Known as “The Cookie Lady” around Washington DC, Lacey Fisher is famous for her British- and German-inspired alcohol-infused confectionaries. Fisher launched Cookie Lane during the economic crisis of 2008, after being laid off from four different jobs as a mortgage auditor.
“I ran through my six months of savings and rent was due,” Fisher says.
Eventually Fisher returned to her full-time job but continued to work on her fledgling cookie empire “part-time”, baking her popular pecan and chocolate boozy Southern Gentleman, New York Oatmeal and Big Daddy Chocolate Chip. She decided to solely focus on Cookie Lane after a work commute turned into a five-hour nightmare while her three-month-old baby was at home. And in November 2020, the cookie lady quit her day job.
Fisher is just one of many Black women who left the workforce during the Covid-19 pandemic. In May 2020, Working Mother Research Institute reported that 52% of Black women were debating leaving their companies in two years.
One major issue is pay. A 2021 LeanIn.org survey found that on average Black women are paid 37% less than white men and 50% of Black women and Latinas had trouble paying for basic expenses with less than $300 in savings, and that’s with a job. In the same survey women of color described the pandemic as devastating to their finances. Compared with white men, Black women are almost twice as likely to say they have been laid off, furloughed, or had their hours or pay cut because of the pandemic. Nicki Tucker, social media director and contributing writer to the State of Black Women in Corporate America report at LeanIn.org, says the financial hurdles combined with hostile work environments are the catalyst for Black women to leave corporate America and start their own company.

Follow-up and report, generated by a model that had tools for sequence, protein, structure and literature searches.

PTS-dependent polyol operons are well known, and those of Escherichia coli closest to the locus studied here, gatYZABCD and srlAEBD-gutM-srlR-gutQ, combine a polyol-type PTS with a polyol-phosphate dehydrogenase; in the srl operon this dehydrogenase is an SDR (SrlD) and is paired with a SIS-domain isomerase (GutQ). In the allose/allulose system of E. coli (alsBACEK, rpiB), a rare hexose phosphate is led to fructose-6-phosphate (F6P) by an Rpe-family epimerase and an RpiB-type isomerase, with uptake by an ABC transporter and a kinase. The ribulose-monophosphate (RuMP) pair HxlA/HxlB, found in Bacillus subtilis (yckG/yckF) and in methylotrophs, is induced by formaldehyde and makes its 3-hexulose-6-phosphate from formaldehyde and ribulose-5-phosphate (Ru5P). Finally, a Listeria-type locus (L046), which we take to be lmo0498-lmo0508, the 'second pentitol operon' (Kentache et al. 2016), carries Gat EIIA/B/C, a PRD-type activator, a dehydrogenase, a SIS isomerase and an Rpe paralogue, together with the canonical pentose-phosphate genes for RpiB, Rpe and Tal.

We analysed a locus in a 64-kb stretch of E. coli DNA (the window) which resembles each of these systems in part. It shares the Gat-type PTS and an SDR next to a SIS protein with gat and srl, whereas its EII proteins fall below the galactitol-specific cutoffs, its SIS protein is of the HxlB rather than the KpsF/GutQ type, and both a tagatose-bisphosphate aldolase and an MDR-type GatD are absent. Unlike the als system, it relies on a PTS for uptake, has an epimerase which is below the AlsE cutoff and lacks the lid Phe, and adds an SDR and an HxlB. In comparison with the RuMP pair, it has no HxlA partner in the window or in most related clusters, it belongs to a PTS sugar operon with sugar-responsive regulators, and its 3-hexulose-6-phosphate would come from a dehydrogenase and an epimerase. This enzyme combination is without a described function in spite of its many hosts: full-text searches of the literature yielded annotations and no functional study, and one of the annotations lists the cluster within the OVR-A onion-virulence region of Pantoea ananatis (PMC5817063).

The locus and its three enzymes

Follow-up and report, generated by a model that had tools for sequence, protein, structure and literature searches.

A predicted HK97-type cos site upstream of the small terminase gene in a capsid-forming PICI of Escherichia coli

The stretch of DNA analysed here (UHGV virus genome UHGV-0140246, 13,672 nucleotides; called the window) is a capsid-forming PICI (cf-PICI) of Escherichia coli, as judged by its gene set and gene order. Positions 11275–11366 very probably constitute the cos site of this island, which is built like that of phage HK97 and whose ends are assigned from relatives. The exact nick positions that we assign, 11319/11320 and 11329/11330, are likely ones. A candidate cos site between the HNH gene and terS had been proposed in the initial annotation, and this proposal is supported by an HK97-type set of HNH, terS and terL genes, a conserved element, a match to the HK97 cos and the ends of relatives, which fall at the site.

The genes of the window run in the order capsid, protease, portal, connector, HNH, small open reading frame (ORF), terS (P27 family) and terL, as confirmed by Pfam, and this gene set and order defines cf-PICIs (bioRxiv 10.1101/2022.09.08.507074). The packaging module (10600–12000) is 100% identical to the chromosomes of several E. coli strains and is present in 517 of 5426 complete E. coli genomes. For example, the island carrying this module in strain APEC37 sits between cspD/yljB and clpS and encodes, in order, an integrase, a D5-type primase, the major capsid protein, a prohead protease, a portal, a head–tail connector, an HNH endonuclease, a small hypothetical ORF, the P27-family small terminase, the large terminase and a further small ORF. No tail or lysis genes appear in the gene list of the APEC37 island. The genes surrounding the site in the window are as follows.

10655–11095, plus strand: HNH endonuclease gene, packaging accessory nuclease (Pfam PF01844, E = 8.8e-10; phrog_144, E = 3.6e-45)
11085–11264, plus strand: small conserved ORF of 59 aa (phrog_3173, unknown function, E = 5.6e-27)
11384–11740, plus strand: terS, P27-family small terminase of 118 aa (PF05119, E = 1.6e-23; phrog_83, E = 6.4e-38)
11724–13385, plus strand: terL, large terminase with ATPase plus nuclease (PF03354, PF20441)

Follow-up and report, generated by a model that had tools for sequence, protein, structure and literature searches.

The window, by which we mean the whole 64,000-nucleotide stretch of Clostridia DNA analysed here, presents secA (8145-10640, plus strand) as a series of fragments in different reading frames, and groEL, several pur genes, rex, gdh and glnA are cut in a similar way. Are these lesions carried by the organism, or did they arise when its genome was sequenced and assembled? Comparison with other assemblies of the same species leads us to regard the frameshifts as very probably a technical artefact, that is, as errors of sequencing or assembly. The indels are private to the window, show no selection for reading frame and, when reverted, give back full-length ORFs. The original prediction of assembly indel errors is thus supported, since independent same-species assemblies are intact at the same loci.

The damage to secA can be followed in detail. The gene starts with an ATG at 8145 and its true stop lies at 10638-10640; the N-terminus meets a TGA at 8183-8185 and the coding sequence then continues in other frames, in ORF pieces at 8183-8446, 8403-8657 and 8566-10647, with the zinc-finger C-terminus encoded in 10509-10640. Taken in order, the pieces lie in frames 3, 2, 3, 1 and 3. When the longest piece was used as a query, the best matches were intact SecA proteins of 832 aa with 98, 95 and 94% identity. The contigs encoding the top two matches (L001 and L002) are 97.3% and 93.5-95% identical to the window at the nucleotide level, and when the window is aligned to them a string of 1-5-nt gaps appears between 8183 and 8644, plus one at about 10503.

“Our research shows that Black women are more likely to face a great deal of microaggressions, especially disrespectful and othering comments on their identity or appearance and less likely to be promoted at that first, critical step up from entry-level to manager, which is what we call the broken rung,” Tucker says. “Five to 10 years ago Black women wanted a seat at the table and now Black women are building that table.”
Black women have a long history of entrepreneurship, says Tucker. Tucker, who comes from a family of Black women business owners, says Covid-19 is forcing the world to see Black women as enterprising. Women of color make up only 39% of women in the US but represent 89% of new women-owned businesses. Within that demographic, Black women are leading the charge at 42% of new women-owned businesses, followed by Latina women at 31%.